In the case of In re Mort Ranta, the 4th Circuit Court of Appeals held that Social Security income should be excluded when calculating disposable monthly income in Chapter 13 cases. This means debtors are not required to pay Social Security income into their Chapter 13 plan, even if not paying it results in a surplus in their budget.
First, some background…
Prior to our current Bankruptcy Code being enacted, Social Security income was like any income. If the debtor had $2,000 in income from wages and $1,500 in Social Security benefits, the debtor had $3,500 a month in income as a starting point for determining disposable monthly income–that income exceeding what the debtor needs for reasonable monthly expenses.
But the “new” Bankruptcy Code changed that back in 2005. It defined “current monthly income” as the average income derived and received by the debtor in the six months prior to the month in which the debtor files bankruptcy, and it very clearly excluded Social Security income. Using our example above, current monthly income (“CMI”) includes the $2,000 per month in wages, but excludes the $1,500 in Social Security income.
It’s like those tunnels in Virginia. If you don’t drive in, you don’t drive out.
If you’ve ever driven in Virginia, you’ve driven through the a tunnel or two. But if you decided not to drive into the tunnel, you couldn’t drive out. This is how I explain this issue to my clients as it relates to Social Security income: If it’s not counted as income in the first place (not part of “current monthly income”) then it’s not part of your disposable income. For example, prior to the enactment of the new Bankruptcy Code in 2005, if you had $3,500 of income and $2,000 of expenses, your disposable monthly income would be $1,500. Pretty simple.
After the new code was enacted, if you have $3,500 of income but don’t count the $1,500, the math looks like this: $2,000 minus $2,000=$0. So our post-2005 senior citizen would not be required to pay anything into her Chapter 13 plan. She could pay in something if she wanted to–such as an amount necessary to pay off a car or cure a mortgage arrearage–but she would not be required to do so.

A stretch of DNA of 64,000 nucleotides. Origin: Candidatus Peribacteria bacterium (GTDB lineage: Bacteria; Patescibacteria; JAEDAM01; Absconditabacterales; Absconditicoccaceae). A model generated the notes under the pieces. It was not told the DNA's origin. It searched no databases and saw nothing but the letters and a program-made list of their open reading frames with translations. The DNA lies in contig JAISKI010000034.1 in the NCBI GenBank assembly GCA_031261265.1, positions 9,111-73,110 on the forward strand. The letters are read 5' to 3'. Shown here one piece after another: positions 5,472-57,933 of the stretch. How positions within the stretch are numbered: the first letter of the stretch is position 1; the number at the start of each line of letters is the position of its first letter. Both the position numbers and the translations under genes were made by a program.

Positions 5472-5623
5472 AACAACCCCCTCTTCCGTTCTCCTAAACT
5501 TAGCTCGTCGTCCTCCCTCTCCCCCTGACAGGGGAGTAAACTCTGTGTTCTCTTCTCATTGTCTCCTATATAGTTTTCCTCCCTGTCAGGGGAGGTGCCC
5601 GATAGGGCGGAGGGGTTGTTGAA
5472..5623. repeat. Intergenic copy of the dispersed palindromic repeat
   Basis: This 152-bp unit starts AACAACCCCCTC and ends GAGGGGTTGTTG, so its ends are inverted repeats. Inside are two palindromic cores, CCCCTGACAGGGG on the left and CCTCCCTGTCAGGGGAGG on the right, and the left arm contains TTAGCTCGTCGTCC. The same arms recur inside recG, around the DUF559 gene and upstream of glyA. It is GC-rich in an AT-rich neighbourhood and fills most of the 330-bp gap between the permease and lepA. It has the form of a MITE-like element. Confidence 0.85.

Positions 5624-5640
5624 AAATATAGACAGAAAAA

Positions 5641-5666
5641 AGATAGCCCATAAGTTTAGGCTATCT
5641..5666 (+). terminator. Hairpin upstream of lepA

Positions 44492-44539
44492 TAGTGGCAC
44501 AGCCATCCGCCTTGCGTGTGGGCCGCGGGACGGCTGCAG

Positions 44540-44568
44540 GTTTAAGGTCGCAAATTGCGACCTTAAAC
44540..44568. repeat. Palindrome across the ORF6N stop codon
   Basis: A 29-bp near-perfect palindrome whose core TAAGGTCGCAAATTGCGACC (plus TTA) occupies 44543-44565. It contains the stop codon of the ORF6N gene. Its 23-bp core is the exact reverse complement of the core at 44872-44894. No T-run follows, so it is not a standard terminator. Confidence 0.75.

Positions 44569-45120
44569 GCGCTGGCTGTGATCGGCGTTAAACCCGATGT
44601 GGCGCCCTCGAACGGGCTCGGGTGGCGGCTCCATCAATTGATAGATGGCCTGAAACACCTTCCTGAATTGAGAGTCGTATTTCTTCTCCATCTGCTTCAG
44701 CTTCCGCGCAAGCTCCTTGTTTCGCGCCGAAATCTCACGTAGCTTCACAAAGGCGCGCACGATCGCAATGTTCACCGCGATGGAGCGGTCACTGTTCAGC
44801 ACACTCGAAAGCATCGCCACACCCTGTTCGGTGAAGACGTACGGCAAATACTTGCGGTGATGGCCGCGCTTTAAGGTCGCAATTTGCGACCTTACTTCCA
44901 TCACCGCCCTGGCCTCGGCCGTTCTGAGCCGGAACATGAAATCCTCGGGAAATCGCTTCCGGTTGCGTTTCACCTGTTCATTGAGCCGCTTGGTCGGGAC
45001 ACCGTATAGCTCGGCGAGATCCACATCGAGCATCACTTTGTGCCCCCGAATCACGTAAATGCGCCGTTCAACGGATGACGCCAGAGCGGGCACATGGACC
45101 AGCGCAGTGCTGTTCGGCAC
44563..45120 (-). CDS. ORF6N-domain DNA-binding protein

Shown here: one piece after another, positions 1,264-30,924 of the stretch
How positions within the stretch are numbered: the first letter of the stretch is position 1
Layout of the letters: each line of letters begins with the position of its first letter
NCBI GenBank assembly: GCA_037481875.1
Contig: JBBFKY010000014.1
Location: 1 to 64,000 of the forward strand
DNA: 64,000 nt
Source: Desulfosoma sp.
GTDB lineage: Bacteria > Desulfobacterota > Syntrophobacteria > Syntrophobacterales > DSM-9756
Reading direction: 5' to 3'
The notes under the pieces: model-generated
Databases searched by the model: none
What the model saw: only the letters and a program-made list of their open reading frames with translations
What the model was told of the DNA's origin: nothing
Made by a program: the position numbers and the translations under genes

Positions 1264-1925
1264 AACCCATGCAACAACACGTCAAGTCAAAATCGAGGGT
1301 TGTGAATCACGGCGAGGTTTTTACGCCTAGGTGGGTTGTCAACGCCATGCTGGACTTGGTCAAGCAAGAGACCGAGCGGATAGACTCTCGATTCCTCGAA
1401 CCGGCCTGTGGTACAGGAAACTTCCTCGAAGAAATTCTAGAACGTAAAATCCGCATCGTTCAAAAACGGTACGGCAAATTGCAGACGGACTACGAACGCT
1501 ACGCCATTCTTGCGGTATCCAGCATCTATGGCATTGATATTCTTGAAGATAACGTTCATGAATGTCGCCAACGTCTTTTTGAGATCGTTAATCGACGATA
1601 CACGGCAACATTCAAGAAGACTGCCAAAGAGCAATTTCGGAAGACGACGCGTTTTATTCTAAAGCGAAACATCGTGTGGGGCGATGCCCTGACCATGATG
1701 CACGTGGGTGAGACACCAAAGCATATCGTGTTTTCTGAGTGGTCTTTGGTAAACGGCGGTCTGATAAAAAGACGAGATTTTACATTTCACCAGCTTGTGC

Seems pretty straightforward. Why all the fuss?
The fuss arose because, like many provisions in the 2005 code, this makes no sense. One can make an argument that elderly folks should be treated differently, but if they have income to devote to repaying creditors, the Bankruptcy Code should require that it be pledged to the plan over the “applicable commitment period” of three to five years.
And because this makes no sense, bankruptcy judges and Chapter 13 trustees found an end run around the Social Security exclusion by taking the position that if the debtor’s Chapter 13 plan did not pledge all available income, including Social Security income, then the plan must not be proposed in good faith–a requirement of the Code. Bankruptcy judges and Chapter 13 trustees don’t like the idea of debtors pocketing (if we use our example) $1,500 a month which would otherwise be available to repay creditors. That’s $90,000 which would otherwise be paid into a Chapter 13 plan.
Over the years other circuit courts of appeal have decided this issue as the 4th Circuit just did: Social Security is excluded from the debtor’s disposable income and, by extension, his plan payments. The 4th Circuit ruled as it did because the plain language of the Code excluded Social Security income. The Court further stated, in a footnote, that failure to pledge Social Security income, by itself, would not constitute bad faith. In other words, this decisions marks the end of the end run for judges and trustees in the 4th Circuit. The holding makes perfects sense because it is illogical to view something as bad faith when the Code specifically allows it. As the maxim goes, “Equity follows the law.” Judges can’t contravene the law solely because they think it’s unfair.
The Court made what the Code plainly says even more clear: Debtors are not required to pay their Social Security benefits into their Chapter 13 plans but may, at their option, use those funds if they want to do so to make the plan feasible.
First, from all of us representing consumer bankruptcy clients, I’d like to say congratulations to Virginia Bankruptcy Lawyer, Dan Press, who represented the debtor, Robert Mort Ranta, in this matter. I’d also like to congratulate Tara Twomey of the National Association of Consumer Bankruptcy Attorneys–NACBA–who filed an Amicus brief in the case. These two attorneys are nationally known, and those of us who labor in this area of law owe a great debt to them.
Second, if you receive Social Security income and haven’t filed bankruptcy, see a bankruptcy lawyer to evaluate your options. If you live in any of the states in the 4th Circuit, filing a Chapter 13 just got a lot more appealing. (Those states are Maryland, Virginia, West Virginia, North Carolina, and South Carolina.)
Third, this provision in the Code excluding Social Security is a testament to what groups can achieve when they get organized. AARP is a powerful lobby. Young voters suffering with the student loan crisis should take note and get organized. All too often young people don’t vote or otherwise demand to be heard. We now have a student loan crisis, and that needs to change.
Lastly, the 4th Circuit judges who decided this case should be commended for following the law, rather than re-writing it to their liking. If debtors have to bear the many onerous burdens of the 2005 Code, they should also get its benefits. All too often courts have taken a “heads we win; tails you lose” approach to dealing with consumer debtors. The 4th Circuit didn’t do that, and those judges should be commended.